MIMO is creeping out of the lab and onto the shelves. This technology -- Multi-In, Multi-Out -- is what happens when you stick more than one antenna on a radio. Do it right by adding circuits to delay and amplify the signals from each antenna in the right way, and you can treat each physical path between transmitter and receiver antennas practically as it own channel. Result: lots more throughput and reliability, lots fewer blackspots and awkward signal fades as you move about the office or home.
The latest device to sprout aerial excrescences like a cress-haired doll is the Linksys WRT54GX access point. Like its rival Belkin, it uses an Airgo MIMO-enabled chipset: it has three long blank antennas that look, frankly, like a hatstand. But with the right cards in the clients, it can pootle along at a reported 30Mbps while running streamed videos. MIMO works.
Or rather, it would if the companies concerned weren't so busy trying to sabotage the thing. The official next-generation MIMO-using Wi-Fi standard is 802.11n, which hasn't yet degenerated into a UWB-style Mexican stand-off but is trolling along slowly. Too slow for numerous vendors, who are offering pre-N MIMO kit, but which is pretty well guaranteed not to work with anybody else's in the new super-duper modes. Everything will work as ordinary Wi-Fi, we presume, but that's hardly the point.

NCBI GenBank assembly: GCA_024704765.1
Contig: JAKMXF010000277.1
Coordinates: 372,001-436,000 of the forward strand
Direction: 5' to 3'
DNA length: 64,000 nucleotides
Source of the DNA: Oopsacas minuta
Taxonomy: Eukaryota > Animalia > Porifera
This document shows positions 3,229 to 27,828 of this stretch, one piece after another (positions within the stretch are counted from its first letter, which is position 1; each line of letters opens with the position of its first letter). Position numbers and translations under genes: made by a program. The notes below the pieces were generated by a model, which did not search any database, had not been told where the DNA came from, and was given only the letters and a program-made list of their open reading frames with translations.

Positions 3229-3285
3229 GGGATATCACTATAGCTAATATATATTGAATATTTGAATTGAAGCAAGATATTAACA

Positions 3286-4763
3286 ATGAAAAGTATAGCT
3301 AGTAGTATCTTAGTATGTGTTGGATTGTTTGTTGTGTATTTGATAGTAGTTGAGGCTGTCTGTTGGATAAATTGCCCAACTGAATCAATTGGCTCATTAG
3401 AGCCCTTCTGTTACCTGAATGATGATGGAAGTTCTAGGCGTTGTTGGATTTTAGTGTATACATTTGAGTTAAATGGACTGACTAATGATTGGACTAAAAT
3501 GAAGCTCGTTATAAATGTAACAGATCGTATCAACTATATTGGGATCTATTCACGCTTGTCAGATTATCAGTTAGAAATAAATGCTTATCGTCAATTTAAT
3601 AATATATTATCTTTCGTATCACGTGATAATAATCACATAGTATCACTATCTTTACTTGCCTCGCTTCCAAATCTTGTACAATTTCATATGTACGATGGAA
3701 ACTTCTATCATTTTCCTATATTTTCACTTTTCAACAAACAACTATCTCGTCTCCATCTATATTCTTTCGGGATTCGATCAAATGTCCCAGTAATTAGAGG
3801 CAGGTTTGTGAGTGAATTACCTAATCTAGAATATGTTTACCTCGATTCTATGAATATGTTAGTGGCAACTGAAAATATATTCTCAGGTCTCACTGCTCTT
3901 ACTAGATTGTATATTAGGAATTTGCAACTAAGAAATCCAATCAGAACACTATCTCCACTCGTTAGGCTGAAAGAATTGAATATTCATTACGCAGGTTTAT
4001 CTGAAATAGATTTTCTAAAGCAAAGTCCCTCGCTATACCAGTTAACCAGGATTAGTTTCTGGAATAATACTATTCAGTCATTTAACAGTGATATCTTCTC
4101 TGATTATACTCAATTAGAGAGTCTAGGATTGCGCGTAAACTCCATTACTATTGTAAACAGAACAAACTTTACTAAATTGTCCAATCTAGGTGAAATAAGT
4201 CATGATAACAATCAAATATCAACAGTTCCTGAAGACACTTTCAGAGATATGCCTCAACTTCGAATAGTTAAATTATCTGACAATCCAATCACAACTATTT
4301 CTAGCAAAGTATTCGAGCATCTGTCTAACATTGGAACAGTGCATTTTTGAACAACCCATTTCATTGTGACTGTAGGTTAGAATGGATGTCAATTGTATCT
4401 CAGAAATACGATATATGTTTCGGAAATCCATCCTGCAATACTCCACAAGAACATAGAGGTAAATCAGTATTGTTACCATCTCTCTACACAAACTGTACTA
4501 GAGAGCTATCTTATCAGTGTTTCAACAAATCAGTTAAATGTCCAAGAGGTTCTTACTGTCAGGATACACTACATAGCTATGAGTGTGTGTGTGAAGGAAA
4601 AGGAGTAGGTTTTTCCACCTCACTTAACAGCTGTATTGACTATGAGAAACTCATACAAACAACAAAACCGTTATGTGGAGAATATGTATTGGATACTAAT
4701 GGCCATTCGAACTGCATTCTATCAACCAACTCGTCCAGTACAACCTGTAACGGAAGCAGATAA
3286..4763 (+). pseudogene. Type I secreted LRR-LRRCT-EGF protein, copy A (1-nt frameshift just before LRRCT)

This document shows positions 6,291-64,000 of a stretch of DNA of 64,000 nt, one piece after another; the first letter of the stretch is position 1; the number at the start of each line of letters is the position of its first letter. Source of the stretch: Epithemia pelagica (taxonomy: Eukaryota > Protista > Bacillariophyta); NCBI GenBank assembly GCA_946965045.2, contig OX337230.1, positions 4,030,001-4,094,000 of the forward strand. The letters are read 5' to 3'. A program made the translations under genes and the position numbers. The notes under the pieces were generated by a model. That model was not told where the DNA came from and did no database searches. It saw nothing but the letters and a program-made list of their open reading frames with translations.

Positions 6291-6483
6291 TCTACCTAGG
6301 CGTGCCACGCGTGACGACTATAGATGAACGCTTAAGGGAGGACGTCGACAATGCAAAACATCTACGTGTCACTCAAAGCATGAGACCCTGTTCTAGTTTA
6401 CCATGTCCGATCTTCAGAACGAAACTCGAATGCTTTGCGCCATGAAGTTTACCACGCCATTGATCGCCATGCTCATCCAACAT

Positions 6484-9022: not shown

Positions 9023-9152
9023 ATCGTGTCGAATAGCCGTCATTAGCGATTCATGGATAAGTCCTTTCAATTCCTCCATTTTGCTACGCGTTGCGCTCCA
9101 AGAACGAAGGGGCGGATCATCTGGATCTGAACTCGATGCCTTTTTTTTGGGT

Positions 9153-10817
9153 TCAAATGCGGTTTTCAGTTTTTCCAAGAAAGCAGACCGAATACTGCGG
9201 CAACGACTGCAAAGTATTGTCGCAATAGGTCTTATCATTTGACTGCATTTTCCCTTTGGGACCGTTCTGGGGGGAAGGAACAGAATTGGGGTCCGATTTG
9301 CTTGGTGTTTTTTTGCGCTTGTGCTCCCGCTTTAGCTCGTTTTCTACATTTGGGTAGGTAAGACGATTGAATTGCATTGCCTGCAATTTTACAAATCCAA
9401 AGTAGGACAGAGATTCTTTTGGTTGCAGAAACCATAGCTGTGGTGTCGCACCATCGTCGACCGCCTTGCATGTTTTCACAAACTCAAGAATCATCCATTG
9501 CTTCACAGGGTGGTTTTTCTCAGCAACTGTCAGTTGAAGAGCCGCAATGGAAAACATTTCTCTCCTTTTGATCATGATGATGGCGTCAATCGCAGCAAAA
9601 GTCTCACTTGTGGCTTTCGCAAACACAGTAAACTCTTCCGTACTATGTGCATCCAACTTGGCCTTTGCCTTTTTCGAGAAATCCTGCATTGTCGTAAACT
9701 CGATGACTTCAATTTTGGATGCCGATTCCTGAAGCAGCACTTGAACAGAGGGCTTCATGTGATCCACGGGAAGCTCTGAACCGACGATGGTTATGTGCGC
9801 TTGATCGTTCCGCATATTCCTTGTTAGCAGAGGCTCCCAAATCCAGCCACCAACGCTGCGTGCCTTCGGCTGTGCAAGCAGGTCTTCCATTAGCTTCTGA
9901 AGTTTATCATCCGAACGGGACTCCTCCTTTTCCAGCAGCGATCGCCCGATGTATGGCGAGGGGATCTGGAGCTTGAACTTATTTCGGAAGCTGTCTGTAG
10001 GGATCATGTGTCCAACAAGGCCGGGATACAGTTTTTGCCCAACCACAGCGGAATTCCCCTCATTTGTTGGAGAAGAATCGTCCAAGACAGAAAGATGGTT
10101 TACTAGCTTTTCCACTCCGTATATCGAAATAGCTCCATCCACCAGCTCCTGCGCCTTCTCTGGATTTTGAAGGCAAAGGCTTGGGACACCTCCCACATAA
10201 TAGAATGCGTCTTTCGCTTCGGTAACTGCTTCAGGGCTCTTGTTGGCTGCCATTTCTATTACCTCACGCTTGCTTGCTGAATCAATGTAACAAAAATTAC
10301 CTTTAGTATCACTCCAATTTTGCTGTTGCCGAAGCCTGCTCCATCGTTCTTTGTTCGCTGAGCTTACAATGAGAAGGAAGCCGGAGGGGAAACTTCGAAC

The point behind standards is to grow the market. A fragmented market is not attractive to the users, at least not where interoperability matters. But we know how much the users matter.
The other area where we're being let down is in industrial design. There are any number of great physical designs that suggest themselves for devices that have to have multiple antennae. A wall-hanging starfish. A sunburst. A Sputnik. A model four-masted schooner, perhaps with solar cells in the sails.
All these delights await a jaded world, just as long as the manufacturers get their act together, talk to each other and take care of the users. It's not hard.